Fracking benefits extolled

Kelly Sloan

Kelly Sloan, The Business Times

Hydraulic fracturing hasn’t caused a single documented case of groundwater contamination, but has resulted in a dramatic increase in domestic energy production.

It’s important to consider the facts about “fracking” in an increasingly contentious debate because opponents have resorted to misinformation to provoke public antagonism and influence public policy, said Simon Lomax, research director for Energy in Depth.

“The activists who oppose hydraulic fracturing aren’t just anti-energy, they’re anti-business,” Lomax said. “But worse than that, they are really opposed to the facts and the findings of scientists, engineers and state and federal regulators who have concluded many times that hydraulic fracturing is fundamentally safe.”

Speaking at an energy briefing hosted by the Grand Junction Area Chamber of Commerce, Lomax and Courtney Loper, Mountain States field director for Energy In Depth, presented evidence and statements from experts in government, academia and industry they said proves the safety of hydraulic fracturing and discredits misinformation about the practice put out by opponents.

Launched by the Independent Petroleum Association of America in 2009, Energy In Depth is a research, education and public outreach campaign focusing on energy production in the United States.

Hydraulic fracturing is a process in which a mixture of water, sand and chemicals is pumped into wells to create small fractures in underground rock formations and increase the production of oil and natural gas in those formations. The process has enabled energy companies to extract oil and gas from such so-called “tight” formations as shale. The combination of fracking and such  technological advances as horizontal drilling has substantially increased oil and natural gas production in the United States.

While opponents claim fracking can cause chemical contamination of ground water, government and industry officials have pointed out there’s never been a documented case.

Lomax and Loper offered statements from a variety of sources, including former Interior Secretary Ken Salazar, the Environmental Protection Agency, the  Department of Energy Ground Water Protection Council, a Stanford University geophysicist and Energy Department advisor and others, all describing fracking as safe and posing no threat to groundwater. They cited such factors as the depth of fracking below groundwater, well construction and the lack of evidence fracking has caused chemicals to enter groundwater.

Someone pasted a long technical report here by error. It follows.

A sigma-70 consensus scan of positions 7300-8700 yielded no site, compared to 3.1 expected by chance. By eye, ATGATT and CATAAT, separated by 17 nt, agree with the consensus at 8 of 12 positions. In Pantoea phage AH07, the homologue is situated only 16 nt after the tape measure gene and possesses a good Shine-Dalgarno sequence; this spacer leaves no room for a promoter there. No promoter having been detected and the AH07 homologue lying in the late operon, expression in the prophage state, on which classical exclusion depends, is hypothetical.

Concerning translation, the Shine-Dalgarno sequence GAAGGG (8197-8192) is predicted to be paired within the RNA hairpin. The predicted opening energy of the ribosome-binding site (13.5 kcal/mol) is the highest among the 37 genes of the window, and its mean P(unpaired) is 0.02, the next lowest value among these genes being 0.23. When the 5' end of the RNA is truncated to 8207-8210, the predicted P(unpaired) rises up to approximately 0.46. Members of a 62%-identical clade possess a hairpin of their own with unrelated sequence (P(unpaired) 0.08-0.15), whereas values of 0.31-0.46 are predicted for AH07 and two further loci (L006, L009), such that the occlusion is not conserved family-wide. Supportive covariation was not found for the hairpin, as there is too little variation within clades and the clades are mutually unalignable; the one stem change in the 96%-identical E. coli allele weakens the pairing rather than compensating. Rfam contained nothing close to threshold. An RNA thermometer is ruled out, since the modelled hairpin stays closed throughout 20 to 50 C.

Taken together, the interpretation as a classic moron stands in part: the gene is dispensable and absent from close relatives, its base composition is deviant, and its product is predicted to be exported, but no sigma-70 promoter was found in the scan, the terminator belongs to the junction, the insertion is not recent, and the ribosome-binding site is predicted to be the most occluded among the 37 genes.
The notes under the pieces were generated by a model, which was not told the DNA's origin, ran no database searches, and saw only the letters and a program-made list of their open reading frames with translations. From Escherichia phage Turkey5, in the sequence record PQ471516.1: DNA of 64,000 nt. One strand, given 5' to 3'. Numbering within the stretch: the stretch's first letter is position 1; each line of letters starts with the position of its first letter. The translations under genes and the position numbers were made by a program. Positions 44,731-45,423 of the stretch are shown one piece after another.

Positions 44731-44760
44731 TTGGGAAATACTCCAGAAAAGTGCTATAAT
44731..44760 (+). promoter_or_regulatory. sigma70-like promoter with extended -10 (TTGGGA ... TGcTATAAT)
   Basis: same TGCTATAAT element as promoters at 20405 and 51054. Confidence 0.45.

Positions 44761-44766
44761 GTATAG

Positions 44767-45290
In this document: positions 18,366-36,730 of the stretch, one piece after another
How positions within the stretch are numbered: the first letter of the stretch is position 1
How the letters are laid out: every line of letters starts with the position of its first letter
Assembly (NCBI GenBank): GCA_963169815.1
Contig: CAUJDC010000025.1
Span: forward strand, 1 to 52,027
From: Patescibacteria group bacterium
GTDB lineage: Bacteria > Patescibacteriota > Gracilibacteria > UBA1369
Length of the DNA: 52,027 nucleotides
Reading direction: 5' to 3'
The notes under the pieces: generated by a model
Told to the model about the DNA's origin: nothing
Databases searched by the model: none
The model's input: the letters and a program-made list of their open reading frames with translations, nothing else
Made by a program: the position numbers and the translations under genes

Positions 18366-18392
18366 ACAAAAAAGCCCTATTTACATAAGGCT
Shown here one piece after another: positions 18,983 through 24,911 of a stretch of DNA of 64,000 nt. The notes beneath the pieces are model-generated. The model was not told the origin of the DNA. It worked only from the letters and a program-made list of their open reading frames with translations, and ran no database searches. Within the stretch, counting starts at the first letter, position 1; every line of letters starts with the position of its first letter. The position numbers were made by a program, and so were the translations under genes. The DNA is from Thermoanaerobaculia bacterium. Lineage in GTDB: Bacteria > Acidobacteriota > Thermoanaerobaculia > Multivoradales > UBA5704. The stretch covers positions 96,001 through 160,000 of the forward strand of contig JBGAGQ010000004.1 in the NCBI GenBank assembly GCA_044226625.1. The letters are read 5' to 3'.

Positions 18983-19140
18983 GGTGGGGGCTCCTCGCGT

Diane Schwenke, president and chief executive officer of the Grand Junction Area Chamber of Commerce, said it’s important to help Energy in Depth bring that message to the Western Slope.

“The environmentalist community is put there all the time presenting their message about hydraulic fracturing, some of it not based on fact,” Schwenke said. “Those of us who know the facts about fracking need to be talking to the public, friends and neighbors and getting the facts out there.

“Industry can’t do it alone. They need the business community, royalty owners, and all others who see the benefits of energy development to our communities to stand up and speak,” she added.

Lomax said the benefits of fracking and energy production to the business community is clear, and the consequences of fracking bans are equally apparent. “Demanding that an industry be wiped out overnight, which is what would happen to oil and gas if you banned hydraulic fracturing, is about as anti-business as it gets,” he said.

The broader effects of eliminating domestic energy production would be disastrous for the economy, the business community and workers as well, he said.

Schwenke agreed. “We have seen how dependent we are on energy, especially unconventional fuels and natural gas development. And we have seen what happens with economic development and growth without it. We need factual information available to show how the industry is improving so that we can have a truly all-the-above energy portfolio.”